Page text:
Long before ecdysiast Blaze Starr became the reigning Queen of The Block, there was the legendary Bettye Mills, who arose from humble Pigtown origins to become one of the tenderloin district's more memorable characters and nightclub owners — which in those days The Baltimore Sun politely called "cabarets."
What brought Mills' name back in the news was the death earlier this month of her son-in-law, James Thomas Lee "Jimmy" Stubbs, 95, who in the late 1940s was day manager of Mills' Stork Club, whose name was later changed to the Bettye Mills' Club.
In 1956, at age 48, Mills died of cancer at her mansion at 501 Somerset Road in Roland Park — far from the hardscrabble existence that had defined her earlier years, which drove her, no doubt, to become a successful businesswoman.
"She was a tiny tot when she came with her parents from Lithuania. They were poor. It was in the early 1900s, and they first settled in Highlandtown and then moved to Pigtown," said Dorothea "Dottie" Stubbs, Mills' daughter, now 92, who lives in Perry Hall.
Mills, whose maiden name was Karl, was first married at age 12 to a man of 35. At 14 she was a divorced mother with two orphan brothers and a sister to support.
She would eventually have four other marriages, with her last ending in 1949 when she was divorced from Bernard F. O'Day.
"Her father had been murdered and her mother died, and she had to take care of the family," Stubbs said in a telephone interview. "She had a very interesting life, but it was full of love and later money."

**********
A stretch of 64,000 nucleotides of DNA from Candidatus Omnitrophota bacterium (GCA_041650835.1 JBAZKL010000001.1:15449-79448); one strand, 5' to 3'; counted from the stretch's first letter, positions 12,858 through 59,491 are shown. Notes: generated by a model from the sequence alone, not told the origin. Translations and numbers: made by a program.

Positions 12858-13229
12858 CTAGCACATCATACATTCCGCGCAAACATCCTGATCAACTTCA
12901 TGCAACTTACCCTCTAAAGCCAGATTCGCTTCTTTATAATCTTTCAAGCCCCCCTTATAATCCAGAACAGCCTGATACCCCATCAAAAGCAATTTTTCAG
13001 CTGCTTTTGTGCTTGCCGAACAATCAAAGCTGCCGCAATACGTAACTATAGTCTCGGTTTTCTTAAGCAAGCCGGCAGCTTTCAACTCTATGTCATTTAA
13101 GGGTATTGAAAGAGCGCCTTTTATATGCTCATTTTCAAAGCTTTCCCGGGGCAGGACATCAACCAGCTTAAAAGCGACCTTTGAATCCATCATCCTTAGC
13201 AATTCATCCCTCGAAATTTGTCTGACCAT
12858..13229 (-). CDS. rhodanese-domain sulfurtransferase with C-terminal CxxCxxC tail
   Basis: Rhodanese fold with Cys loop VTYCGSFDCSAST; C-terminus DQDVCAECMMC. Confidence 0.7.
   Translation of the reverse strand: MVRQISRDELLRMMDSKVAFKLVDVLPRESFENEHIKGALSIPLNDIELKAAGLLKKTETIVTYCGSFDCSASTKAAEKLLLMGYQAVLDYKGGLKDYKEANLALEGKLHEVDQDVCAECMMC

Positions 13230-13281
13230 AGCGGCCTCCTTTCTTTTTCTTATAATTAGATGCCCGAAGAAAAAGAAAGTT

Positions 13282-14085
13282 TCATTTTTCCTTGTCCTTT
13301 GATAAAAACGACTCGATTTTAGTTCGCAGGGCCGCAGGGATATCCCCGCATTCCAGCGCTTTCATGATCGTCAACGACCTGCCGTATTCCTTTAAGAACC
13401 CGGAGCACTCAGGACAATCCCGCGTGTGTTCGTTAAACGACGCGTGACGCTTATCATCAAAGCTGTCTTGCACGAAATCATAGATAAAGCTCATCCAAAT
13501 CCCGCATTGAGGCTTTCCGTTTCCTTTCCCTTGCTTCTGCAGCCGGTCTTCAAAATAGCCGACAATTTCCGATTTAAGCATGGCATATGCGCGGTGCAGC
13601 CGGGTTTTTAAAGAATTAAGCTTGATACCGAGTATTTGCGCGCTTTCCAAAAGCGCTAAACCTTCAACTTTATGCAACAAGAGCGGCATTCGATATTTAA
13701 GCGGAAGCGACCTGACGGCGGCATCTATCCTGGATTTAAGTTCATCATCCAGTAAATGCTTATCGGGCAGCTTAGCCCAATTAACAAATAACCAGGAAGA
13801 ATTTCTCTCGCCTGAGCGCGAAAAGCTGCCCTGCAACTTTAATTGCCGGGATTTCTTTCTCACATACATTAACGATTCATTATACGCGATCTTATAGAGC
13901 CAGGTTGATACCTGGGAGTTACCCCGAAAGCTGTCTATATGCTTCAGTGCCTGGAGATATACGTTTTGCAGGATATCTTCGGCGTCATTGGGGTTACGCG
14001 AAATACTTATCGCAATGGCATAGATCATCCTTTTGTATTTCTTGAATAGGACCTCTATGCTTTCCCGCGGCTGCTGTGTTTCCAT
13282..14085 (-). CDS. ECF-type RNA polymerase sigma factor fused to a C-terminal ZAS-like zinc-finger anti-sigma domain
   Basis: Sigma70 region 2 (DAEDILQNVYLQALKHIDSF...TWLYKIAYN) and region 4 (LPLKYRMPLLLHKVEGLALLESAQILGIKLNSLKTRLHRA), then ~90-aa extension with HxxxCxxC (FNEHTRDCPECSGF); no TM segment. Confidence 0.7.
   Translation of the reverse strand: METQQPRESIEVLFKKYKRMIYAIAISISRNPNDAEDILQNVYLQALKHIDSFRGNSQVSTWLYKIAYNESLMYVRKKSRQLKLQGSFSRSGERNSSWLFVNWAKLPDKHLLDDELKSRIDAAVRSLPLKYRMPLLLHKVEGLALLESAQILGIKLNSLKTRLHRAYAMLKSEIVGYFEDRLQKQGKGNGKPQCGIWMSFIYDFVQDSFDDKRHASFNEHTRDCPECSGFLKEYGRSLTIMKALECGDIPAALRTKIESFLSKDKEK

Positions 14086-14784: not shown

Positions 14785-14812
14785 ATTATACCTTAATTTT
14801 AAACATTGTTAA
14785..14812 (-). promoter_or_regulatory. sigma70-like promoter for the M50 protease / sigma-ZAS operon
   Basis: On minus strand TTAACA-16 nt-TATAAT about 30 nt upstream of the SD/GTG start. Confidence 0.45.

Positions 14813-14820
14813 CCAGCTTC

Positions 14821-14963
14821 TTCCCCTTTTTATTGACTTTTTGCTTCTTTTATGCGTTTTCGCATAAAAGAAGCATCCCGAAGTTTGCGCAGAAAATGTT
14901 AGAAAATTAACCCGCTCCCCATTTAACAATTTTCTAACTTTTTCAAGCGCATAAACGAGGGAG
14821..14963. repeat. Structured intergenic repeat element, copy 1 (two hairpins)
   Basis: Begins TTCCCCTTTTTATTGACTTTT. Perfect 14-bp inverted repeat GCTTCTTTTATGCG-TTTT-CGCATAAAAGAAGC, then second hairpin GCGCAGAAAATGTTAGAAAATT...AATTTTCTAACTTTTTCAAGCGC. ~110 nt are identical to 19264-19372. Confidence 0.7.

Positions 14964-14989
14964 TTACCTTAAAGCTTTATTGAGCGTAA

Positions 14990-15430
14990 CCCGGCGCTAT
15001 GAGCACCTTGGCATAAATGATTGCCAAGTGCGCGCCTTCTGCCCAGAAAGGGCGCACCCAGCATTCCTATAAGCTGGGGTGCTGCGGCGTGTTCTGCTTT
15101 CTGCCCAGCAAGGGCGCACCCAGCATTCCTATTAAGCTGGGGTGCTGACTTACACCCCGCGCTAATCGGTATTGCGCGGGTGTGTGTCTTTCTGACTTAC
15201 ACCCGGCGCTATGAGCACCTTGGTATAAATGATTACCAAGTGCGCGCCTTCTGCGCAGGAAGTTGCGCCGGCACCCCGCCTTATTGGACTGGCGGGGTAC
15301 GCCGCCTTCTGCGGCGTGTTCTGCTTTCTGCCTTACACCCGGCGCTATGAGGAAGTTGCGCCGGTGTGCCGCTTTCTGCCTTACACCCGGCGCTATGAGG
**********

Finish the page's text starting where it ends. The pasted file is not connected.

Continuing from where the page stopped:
Initially, Mills worked as a stenographer. But then came the Roaring '20s and Prohibition.
"She then became a bootlegger," her daughter said.
With the repeal of the Volstead Act in 1933, Mills, who had managed to save $80 in pennies, took $60 to City Hall to purchase a liquor license. The remaining cash went for stock, a few cases of beer and a few bottles of wine.
Mills was in business. Her first night club was in a small building at High and Low streets in East Baltimore, where, to preserve capital and cut expenses, she and her brother worked as bartenders.
But Mills dreamed of moving uptown to the big time — and in her mind that was the rip-roaring, wide-open Block.
Mills, with her outsized personality, was sometime called "Baltimore's Texas Guinan," after the larger-than-life Texas chorus girl turned saloon keeper Mary Louise Cecilia "Texas" Guinan.
Guinan's New York speakeasy, the 300 Club, gained notoriety during Prohibition for its chorus line of 40 ill-clad fan dancers — and for Guinan's customary greeting to patrons: "Hello, suckers!"
A dog lover, Mills in 1936 opened the K-9 Club on High Street near Gay, where she remained until the early days of World War II, when she finally made it to The Block. She opened the Stork Club at 704 E. Baltimore St.
When night club impresario Sherman Billingsley, owner of New York's Stork Club, sued over the use of the Stork Club name, Mills changed it to the Bettye Mills' Club.
The club thrived during World War II, when Baltimore's population swelled with war workers and servicemen.